Defining The Pinnacle Of Leadership: Chief Law

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Why is a 2018 dollar bill worth so little compared to a 1913 dollar bill? In short, our banks have created many more dollars, diminishing the demand for and value of “the dollar.”

Inflation is not restricted to currency. A bachelor’s degree has gone from qualifying one for any number of careers to serving as casual stepping stone in the hierarchy of diplomas. Another area that has been impacted by inflation: leadership.

There are hundreds of thousands of books, blog posts and articles attempting to instruct individuals on how to best be a leader. Many offer great advice or practices, but few, if any, offer any understanding of leadership as an economy. Why are so many people claiming to be experts on things and why have I never heard of them before?

That lack of quality control exists in part because we advertise that “anyone can be a leader” if they follow certain guidelines, maximize their strengths, grasp their personality, or whatever the selling point of any individual program is. What is the result? People undergo leadership training and qualify themselves as a leader, they obtain leadership positions, and without any metric to compare themselves to, they may fail.

Our government has not passed an appropriate budget in years and is constantly on the verge of shutdown. The creators of social media giants like Facebook and Twitter have largely tricked their users into providing extensive personal information via complex terms of service. Leadership is failing, and I believe that fraternity and sorority are contributing that failure by providing extensive leadership education without an equal focus on apprenticeship and real-world practice.

With that in mind I set out to create a bar for leadership. How can we determine which individuals are exceptional leaders, and how can we distinguish them from other leaders? The result is Chief Law.screenshot-32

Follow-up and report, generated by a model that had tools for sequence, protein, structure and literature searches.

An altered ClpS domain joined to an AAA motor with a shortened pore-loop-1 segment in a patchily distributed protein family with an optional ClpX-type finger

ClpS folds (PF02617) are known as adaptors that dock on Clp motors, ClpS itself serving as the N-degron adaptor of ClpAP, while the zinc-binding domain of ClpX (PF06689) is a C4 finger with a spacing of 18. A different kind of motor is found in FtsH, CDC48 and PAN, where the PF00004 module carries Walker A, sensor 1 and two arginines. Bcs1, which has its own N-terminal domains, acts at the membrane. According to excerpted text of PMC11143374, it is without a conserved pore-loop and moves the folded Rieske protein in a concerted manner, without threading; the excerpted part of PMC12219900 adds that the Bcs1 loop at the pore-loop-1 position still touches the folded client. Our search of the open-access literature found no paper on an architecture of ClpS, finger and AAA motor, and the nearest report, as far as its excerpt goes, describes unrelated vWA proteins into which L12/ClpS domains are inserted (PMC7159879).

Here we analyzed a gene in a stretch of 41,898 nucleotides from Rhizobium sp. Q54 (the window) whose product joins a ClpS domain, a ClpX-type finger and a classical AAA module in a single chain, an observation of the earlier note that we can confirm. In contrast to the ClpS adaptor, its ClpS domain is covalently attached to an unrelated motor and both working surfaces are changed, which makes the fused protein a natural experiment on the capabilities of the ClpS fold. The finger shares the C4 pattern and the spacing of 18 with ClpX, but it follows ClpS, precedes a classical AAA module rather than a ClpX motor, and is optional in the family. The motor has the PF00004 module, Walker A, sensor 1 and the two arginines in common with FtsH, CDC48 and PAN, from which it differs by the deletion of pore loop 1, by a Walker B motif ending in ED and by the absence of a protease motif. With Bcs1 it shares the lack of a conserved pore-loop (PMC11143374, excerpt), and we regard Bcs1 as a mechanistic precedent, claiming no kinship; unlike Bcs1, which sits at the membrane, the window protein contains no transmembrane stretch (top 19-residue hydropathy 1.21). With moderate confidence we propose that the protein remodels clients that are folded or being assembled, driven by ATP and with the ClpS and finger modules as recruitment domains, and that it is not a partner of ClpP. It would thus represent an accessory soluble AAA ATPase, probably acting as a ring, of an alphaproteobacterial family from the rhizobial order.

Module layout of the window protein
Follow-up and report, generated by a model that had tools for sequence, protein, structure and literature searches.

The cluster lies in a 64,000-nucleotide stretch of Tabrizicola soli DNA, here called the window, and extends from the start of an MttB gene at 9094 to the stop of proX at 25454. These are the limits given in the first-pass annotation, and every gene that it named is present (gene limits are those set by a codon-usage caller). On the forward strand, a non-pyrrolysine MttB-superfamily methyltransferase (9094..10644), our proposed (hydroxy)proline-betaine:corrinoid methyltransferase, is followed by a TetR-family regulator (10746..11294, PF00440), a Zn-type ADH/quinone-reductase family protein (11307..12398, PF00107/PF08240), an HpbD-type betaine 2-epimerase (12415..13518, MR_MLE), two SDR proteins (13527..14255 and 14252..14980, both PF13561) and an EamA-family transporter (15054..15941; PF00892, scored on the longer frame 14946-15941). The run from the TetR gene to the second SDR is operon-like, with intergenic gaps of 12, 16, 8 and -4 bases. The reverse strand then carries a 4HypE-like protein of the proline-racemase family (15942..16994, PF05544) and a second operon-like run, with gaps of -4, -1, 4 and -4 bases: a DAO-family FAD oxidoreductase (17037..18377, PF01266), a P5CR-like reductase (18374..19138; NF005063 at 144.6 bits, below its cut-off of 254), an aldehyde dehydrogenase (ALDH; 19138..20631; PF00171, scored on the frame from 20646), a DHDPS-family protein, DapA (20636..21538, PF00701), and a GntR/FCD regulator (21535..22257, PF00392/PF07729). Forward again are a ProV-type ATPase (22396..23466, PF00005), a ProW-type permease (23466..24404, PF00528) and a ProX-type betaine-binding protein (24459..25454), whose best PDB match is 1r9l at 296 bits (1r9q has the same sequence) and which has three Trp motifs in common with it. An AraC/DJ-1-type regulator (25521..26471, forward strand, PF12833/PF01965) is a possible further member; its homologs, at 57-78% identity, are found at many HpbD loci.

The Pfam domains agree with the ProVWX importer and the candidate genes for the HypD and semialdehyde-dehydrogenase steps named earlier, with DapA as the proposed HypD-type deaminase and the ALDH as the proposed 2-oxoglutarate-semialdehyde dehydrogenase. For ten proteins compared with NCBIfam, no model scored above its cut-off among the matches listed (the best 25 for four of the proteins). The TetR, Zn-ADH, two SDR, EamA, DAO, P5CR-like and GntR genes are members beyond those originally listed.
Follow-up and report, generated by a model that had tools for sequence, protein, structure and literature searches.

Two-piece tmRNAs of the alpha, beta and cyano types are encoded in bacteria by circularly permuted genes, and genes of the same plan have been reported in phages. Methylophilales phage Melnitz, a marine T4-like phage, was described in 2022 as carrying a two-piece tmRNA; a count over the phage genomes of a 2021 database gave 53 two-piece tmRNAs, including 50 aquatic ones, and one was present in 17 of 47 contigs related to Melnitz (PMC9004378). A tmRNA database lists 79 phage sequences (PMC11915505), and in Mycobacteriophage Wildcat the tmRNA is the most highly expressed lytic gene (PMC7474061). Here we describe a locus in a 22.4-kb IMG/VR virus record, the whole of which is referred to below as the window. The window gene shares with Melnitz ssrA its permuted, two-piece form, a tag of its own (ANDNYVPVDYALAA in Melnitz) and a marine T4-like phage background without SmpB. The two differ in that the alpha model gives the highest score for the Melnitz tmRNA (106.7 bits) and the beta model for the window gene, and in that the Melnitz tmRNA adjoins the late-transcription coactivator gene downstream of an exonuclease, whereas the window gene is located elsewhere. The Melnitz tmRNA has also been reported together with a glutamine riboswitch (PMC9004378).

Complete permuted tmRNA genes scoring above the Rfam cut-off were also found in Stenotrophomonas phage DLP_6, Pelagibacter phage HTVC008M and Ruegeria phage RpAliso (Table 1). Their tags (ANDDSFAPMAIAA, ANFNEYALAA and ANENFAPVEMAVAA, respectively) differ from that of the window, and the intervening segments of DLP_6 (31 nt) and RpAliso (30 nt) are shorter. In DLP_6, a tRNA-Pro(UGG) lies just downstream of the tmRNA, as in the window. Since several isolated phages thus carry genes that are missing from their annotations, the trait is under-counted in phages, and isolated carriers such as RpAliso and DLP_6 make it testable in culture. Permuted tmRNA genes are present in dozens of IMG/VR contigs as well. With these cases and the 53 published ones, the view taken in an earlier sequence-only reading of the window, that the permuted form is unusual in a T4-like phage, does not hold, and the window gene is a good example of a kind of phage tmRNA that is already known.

“Chief” is defined as the ruler of a people or clan (if a noun) and, “most important,” (if an adjective). We’re combining the two. In short, Chief Law defines the most important leaders in a field of practice, regardless of their title, privilege or fanbase.

It is an aspirational level of leadership beyond the use of the word “Chief” in titles such as “Chief Executive Officer” (CEO). Those titles vary in meaning, duties and qualifications, like many other words.

For example, “Epic” is used to describe this:

 

but also this:

Establishing a pinnacle for leadership, defining that pinnacle as clearly as possible, and acknowledging that most will never reach such a pinnacle may be the dose of humility we all (myself included) need. In the world of fraternity and sorority affairs, we place a high value on having received leadership education or certifications. It enables many recent graduates to claim the title of “expert,” and many more to take positions of leadership without post-graduate leadership experience.

Of course, it’s not just our field of work, this just happens to be a fraternity-focused blog. . .

It’s time to implement some quality control across the board of leadership. Here are the 5 Tenants of Chief Law.

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Chiefs are determined within a certain trade, which doesn’t necessarily translate into “profession.” You could be the Chief of Rap, Chief of Fan Stewardship or Chief of Pop Culture all while being a professional “rapper.” To be considered a Chief one must demonstrate both expertise and influence in their trade.